Tikal National Park is a large archaeological site that has the structures of pre-columbian Maya civilization. It is located in the Northern Guatemala department of Petén in Central America. It became the UNESCO WHS in 1979.

Tikal National Park

 

Tikal was a dry state and had neither water nor salt and had to import salt from outside. The people of Maya civilization stored water that they got from rainfall and that used to be the only source of water for them. therefore, you would see large reservoirs built there. During the 9th century, the people of Tikal built many monuments and different temples that are the main attractions of the park these days. Tikal had a good amount of population, almost around 100,000 but the reason for its demise is still not clear. Some blame it on the environmental issues like erosion, nutrient lose and erosion that ere worsening with time and some say that the invasion of outside forces added to the fall of Tikal’s community. But in the later half of 9th century, there ere attempts to revive the place and start the civilization with a new beginning and that was when the Grand Plaza was constructed.

Tikal National Park

There are restaurants, three hotels, handicrafts and souvenir shops, to museums and a few more things that would welcome you at your arrival.

After the decline of Tikal’s maya civilization, the forest took over the region and it’s still lush with trees, ferns and shrubs and is a habitat of more than 250 species of exotic animals. According to a website, “There are 5 large temples: Temple I or Temple of the Great Jaguar, standing at around 44 m (144 ft), Temple II or Temple of the Masks, 37 m (120 ft), Temple III or Temple of the Jaguar Priest, 60 m (180 ft), Temple IV or Temple of the Double Headed Serpent, 70 m (230 ft), and Temple V at 59 m (190 ft)”.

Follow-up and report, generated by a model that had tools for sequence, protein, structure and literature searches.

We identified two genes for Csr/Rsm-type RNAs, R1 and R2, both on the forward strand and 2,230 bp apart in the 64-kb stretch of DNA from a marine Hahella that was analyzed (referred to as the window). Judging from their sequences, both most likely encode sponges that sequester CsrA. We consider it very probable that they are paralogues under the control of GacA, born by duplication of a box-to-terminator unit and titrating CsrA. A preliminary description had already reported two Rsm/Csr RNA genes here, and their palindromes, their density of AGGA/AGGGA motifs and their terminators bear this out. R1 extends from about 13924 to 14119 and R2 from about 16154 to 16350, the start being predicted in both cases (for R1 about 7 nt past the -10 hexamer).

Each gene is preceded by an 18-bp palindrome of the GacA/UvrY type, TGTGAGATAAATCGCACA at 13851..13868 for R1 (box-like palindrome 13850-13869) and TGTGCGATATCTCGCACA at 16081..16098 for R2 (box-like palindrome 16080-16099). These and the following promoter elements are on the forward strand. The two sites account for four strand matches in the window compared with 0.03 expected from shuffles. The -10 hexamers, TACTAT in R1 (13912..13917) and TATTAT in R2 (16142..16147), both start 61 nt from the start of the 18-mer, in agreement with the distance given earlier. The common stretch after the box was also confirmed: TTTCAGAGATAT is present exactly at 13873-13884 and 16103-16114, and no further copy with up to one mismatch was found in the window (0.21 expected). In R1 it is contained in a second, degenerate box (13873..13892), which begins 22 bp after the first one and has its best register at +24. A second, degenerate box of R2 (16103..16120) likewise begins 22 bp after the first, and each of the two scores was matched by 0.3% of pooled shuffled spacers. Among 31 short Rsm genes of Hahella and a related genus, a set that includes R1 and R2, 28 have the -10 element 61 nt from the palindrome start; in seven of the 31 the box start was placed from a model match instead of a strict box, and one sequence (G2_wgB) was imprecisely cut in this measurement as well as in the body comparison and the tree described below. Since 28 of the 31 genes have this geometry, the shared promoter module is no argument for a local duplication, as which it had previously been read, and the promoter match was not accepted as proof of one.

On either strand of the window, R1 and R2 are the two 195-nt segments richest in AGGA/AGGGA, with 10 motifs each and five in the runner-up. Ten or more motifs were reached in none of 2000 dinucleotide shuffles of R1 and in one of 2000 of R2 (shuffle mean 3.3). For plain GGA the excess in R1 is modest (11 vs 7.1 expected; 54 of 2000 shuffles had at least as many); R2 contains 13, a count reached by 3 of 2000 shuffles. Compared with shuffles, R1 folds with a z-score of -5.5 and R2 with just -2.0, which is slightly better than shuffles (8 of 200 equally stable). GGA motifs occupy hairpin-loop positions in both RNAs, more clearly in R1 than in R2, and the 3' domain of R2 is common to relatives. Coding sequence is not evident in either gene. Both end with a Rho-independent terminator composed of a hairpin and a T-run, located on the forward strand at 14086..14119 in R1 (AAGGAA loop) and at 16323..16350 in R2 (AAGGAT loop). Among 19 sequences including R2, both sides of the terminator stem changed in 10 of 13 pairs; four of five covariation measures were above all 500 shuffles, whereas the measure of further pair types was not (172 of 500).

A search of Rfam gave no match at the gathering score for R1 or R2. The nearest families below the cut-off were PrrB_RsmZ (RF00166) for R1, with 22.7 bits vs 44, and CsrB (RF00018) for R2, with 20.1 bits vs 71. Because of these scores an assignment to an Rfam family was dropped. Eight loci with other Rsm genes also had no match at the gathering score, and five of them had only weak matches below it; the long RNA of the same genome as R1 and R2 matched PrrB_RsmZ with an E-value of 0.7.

It is indeed a great place to visit for the lovers of history plus the large amount of flora and fauna attract the nature lovers as well.

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Tikal National Park is a large archaeological site that has the structures of pre-columbian Maya civilization. It is located in the Northern Guatemala department of Petén in Central America. It became the UNESCO WHS in 1979.   Tikal was a dry state and had neither water nor salt and had to import salt...